women who attacked the Moncada Garrison before they became
heroes. It was at the same time that his family moved to Artemisa,
in search of better living conditions. There he often spoke with Ciro
Redondo, who would later die in combat in the Sierra Maestra; Julito
Díaz, who died in the battle of Alegría del Pío, hours after the
Granma landing; and Major of the Revolution Ramiro Valdés. Their
political concerns led them to found the first cell in Artemisa of
Orthodox Youth, a movement that produced the majority of the
young people that attacked the Moncada.
He didnít meet Fidel for the first time at María Antoniaís house.
had seen him at an Orthodox Youth meeting before the coup in
1952. Time passed and he joined the Authentic organization (related
to the party that was in power before Batistaís coup). The arms that
were supposed to be used to defeat the general, brought with
money from the Authentic members in exile, were entering the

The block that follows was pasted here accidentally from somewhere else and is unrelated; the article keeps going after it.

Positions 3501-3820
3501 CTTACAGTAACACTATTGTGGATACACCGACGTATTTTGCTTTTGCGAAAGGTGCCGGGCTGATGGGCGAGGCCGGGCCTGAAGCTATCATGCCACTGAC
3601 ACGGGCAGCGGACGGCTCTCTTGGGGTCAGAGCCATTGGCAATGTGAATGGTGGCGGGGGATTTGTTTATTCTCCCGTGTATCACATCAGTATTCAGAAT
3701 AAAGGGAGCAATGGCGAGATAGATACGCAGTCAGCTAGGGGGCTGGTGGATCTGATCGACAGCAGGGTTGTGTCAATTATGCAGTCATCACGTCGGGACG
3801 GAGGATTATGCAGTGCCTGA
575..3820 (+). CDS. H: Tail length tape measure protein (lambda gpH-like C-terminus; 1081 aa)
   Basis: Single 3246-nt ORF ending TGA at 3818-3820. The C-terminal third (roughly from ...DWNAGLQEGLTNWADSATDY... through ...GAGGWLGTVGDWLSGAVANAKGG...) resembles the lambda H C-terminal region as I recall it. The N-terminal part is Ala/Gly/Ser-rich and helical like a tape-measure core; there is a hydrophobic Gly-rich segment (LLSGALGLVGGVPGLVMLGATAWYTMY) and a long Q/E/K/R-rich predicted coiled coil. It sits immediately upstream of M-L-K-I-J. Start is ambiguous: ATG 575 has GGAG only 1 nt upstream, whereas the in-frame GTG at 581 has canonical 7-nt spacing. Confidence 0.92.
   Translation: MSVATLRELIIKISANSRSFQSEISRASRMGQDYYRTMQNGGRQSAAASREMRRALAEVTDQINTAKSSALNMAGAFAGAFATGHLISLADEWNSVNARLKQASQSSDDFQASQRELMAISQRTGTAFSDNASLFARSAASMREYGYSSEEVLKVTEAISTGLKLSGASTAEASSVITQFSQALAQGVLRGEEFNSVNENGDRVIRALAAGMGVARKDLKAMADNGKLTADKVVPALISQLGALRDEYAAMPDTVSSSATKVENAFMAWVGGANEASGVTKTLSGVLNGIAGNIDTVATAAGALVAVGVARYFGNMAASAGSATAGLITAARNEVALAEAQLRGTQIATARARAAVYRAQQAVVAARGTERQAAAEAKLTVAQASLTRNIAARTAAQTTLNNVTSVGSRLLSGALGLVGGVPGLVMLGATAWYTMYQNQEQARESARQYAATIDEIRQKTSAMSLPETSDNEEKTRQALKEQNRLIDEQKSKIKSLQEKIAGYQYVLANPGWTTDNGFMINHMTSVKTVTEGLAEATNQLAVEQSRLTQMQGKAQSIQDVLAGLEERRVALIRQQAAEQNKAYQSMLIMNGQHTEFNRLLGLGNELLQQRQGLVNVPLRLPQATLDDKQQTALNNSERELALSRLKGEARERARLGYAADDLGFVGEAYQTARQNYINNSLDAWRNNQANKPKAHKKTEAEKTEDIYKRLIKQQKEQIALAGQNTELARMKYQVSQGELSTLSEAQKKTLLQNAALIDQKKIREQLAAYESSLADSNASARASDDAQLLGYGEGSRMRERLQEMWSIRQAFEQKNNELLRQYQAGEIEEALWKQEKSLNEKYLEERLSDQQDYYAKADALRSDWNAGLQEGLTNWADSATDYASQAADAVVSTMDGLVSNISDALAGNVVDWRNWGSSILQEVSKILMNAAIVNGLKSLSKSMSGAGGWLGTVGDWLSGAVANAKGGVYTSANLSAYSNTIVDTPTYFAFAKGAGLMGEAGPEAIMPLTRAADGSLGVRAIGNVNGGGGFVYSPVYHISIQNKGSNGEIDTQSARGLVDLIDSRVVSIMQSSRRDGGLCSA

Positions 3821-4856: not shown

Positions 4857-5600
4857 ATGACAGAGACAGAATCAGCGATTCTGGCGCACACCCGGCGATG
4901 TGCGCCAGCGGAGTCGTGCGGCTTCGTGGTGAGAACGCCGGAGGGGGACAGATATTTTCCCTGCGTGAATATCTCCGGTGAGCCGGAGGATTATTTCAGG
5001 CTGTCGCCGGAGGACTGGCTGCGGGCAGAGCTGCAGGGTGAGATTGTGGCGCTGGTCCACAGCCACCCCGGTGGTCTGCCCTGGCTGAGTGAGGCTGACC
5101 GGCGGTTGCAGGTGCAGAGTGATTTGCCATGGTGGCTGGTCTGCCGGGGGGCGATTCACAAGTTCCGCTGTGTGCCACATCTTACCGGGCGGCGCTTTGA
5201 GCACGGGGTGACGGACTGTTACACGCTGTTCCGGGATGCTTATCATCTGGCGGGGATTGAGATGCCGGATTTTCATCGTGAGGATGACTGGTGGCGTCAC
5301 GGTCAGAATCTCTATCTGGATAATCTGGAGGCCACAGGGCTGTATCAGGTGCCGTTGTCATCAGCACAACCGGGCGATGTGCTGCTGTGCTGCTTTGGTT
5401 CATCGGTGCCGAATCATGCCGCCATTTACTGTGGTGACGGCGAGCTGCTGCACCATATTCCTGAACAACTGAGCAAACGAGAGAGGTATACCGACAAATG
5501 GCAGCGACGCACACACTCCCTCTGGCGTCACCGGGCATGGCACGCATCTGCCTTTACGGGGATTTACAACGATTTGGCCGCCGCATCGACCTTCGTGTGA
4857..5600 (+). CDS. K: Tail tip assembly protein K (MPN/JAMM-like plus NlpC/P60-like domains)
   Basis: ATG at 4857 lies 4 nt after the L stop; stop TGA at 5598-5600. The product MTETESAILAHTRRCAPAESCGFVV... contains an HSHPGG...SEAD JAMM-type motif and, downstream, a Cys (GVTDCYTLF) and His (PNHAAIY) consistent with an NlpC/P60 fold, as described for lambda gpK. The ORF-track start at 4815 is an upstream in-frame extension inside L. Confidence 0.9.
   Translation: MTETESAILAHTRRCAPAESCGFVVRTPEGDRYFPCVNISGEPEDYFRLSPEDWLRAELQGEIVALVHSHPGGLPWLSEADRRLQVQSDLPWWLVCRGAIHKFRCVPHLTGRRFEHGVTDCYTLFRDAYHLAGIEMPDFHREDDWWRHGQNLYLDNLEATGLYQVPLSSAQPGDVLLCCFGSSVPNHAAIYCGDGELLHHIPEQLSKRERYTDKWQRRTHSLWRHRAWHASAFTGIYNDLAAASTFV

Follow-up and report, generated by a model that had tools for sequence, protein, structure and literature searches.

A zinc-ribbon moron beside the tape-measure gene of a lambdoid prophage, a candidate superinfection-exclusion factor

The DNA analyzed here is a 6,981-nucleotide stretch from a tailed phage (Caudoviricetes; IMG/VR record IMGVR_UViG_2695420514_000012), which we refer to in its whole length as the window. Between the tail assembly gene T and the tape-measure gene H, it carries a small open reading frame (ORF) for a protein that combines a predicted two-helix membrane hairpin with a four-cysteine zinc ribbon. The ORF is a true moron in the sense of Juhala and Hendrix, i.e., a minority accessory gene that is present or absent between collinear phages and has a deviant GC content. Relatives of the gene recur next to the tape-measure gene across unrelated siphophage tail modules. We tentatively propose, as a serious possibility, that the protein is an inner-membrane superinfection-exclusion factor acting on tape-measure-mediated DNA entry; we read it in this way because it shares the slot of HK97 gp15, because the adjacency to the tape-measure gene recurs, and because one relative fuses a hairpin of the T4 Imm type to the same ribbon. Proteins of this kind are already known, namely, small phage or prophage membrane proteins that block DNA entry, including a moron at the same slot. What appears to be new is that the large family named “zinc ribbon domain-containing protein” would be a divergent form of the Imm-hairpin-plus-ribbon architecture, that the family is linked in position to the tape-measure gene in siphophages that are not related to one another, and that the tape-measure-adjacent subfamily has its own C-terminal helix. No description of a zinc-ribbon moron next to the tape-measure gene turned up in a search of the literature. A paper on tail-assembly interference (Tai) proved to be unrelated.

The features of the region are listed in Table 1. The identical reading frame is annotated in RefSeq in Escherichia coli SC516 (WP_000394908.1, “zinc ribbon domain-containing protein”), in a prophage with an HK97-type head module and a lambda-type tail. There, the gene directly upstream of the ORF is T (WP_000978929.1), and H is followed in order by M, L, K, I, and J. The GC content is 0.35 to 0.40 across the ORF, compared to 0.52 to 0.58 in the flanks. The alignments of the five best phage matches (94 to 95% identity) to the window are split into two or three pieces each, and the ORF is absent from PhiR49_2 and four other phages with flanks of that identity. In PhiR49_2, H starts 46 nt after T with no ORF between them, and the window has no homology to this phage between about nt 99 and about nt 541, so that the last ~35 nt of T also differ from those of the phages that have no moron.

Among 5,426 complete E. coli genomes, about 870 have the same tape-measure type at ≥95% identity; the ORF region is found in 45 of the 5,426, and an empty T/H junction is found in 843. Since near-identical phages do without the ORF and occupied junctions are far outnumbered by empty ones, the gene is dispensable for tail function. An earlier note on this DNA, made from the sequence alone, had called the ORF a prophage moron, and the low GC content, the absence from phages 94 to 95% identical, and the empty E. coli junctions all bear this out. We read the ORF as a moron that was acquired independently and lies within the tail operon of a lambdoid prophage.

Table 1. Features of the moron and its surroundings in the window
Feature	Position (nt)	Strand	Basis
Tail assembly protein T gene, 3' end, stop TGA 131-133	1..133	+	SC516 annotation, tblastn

country at many different locations. Arsenio had become involved in
the groupís conspiracies but soon became disillusioned. "I realized
later that we had been used to transport arms from one destination
to another. Although some acted in good faith, the fight against
Batista had become a business." This is exactly what he said to Fidel
soon afterwards, when the latter was released from the Model
Prison, where he was serving a sentence for the events of July 26,
1953. Then Arsenio asked a friend who maintained contact with Fidel
to take him to see the leader. And thatís how it happened. He told
Fidel that some days before, he had transferred an arms